Last year Pfizer announced it had an intravenous SARS-CoV-2 drug candidate—PF-07304814—in clinical trials. The compound originated in a 2003 project aimed at developing an antiviral for severe acute respiratory syndrome (SARS). The company shut down the project when that SARS outbreak was under control.
It was clear that PF-07304814 couldn’t be made into a compound that could be delivered orally, so in 2020, Pfizer scientists began a new effort to find a compound that could be. Allerton says that although the new team benefited from information gleaned in the 2003 project—the 3CL in the viruses that cause SARS and COVID-19 are essentially identical, so the researchers understood the geography of their target’s active site—the scientists were building their molecule from scratch.
Pfizer unveiled the results of that effort last month at American Chemical Society Spring 2021. The oral clinical candidate PF-07321332 was identified in July 2020 and began Phase 1 clinical trials in February. During an earnings report earlier this month, Pfizer announced plans to begin a Phase 2/3 trial of PF-07321332 later this year and to apply for an emergency use authorization for the compound before the end of 2021 if those results are positive.
Scientists at Novartis also have their sights set on an antiviral that could kill multiple coronaviruses. John Tallarico, head of chemical biology and therapeutics at Novartis Institutes for BioMedical Research, says Novartis has been working on an oral coronavirus 3CL inhibitor, although the company doesn’t expect to disclose any of its lead compounds before 2022.
Tallarico says that when Novartis started working on the project more than a year ago, it wasn’t clear that the world would still be grappling with SARS-CoV-2 now, which is why scientists there are looking for a pancoronavirus inhibitor. From March to September 2020, he says, their mantra was “this is about the next pandemic.” When it became clear that SARS-CoV-2 is going to be a global problem for years to come, their focus shifted to the current pandemic. A pill for preventing or treating the virus could help curb outbreaks, particularly in countries where supply chain hurdles, such as cold storage and distribution, make vaccinations more challenging.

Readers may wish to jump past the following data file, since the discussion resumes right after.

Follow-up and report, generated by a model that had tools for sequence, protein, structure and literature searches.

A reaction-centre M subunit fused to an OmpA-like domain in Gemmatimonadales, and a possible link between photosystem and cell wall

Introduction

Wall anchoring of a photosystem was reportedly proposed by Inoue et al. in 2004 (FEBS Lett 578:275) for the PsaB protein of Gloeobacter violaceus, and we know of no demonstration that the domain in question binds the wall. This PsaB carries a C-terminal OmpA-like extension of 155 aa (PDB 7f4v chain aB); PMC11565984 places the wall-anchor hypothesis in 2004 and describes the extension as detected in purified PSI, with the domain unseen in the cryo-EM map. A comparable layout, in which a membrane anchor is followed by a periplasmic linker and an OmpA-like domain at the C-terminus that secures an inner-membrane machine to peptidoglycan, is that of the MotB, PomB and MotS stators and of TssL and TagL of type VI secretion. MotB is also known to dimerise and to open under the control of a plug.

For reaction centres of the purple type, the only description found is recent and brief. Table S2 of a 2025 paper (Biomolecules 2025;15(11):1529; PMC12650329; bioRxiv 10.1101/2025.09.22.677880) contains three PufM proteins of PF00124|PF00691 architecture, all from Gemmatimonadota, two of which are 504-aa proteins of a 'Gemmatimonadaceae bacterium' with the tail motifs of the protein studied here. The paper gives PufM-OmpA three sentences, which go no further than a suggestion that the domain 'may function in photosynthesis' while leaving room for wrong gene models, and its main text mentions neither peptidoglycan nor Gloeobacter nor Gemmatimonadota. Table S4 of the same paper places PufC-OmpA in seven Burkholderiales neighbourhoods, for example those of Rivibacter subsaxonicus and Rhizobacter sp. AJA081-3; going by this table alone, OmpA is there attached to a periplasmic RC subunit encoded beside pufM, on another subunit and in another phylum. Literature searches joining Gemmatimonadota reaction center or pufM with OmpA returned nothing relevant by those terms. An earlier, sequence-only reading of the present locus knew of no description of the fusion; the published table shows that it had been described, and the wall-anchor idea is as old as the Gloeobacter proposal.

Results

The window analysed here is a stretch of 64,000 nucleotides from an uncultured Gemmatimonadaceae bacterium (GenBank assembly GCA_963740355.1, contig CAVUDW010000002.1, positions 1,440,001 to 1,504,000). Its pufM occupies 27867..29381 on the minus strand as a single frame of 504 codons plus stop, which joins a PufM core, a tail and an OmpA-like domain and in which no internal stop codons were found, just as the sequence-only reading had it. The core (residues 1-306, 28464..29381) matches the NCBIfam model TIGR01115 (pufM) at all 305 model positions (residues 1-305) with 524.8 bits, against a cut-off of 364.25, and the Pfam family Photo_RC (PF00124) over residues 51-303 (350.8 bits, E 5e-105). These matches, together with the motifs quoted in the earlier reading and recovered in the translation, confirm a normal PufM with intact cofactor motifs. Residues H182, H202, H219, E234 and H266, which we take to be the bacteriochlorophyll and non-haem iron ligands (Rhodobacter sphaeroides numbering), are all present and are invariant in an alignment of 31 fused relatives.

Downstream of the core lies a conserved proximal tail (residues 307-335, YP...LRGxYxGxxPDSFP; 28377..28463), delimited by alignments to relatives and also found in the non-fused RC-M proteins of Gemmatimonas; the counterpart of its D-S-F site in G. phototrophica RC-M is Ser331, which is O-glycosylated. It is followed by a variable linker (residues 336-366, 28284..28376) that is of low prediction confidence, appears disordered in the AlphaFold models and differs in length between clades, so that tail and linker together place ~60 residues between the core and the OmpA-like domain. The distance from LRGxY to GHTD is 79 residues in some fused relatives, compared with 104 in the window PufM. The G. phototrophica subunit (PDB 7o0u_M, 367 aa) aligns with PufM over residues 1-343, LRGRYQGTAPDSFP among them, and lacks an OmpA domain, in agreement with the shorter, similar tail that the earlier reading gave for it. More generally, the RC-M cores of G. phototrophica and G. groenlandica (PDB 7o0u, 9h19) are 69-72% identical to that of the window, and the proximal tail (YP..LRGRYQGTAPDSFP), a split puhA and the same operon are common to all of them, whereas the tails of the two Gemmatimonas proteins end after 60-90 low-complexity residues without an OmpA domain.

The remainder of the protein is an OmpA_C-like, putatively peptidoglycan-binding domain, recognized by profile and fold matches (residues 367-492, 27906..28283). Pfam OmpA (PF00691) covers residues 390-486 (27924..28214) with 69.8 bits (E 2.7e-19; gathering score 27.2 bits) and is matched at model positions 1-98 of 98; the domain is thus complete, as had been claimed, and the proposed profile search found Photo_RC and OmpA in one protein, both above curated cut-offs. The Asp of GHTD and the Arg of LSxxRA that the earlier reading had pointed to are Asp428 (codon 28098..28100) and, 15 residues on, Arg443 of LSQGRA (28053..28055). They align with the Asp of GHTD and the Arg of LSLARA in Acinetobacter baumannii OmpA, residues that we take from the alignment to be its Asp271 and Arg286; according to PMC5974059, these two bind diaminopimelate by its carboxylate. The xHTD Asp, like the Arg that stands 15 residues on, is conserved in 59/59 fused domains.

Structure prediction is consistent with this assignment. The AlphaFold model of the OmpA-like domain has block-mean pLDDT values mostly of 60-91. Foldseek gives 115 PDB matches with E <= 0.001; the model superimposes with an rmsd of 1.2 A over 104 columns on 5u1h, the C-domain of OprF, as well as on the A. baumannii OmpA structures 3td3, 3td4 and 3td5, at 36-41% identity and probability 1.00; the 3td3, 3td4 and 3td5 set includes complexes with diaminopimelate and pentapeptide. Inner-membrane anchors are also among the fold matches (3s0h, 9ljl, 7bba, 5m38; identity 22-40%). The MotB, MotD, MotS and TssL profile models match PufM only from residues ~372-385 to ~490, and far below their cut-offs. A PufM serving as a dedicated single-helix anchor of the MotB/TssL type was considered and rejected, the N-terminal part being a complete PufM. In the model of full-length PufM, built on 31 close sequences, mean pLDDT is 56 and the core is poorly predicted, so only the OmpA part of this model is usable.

Given the limited success of our current collection of approved antivirals, researchers hope this next batch will provide better protection for future outbreaks. But will this handful of drug candidates be enough?
“We really didn’t have much to start with during this pandemic,” NIAID’s Read says. “In terms of preventing future pandemics or responding more quickly to future pandemics, I think it would be good to have a better starting point.” Whatever scientists learn about antivirals now will give them a better foundation for addressing emerging threats.
Merck’s Hazuda says devoting more resources to developing antivirals for acute infections will help with future outbreaks. “The antiviral world, for many years, maybe decades, was focused primarily on chronic viral infections,” such as HIV infection and hepatitis C, she says. There hasn’t been much attention paid to acute infections, like SARS. “Hopefully we have learned that antivirals play a very important public health role in addition to vaccines when there are outbreaks, whether they’re seasonal outbreaks or they’re pandemic outbreaks.”
COVER STORY CONTINUES
Sign up for C&EN's must-read weekly newsletter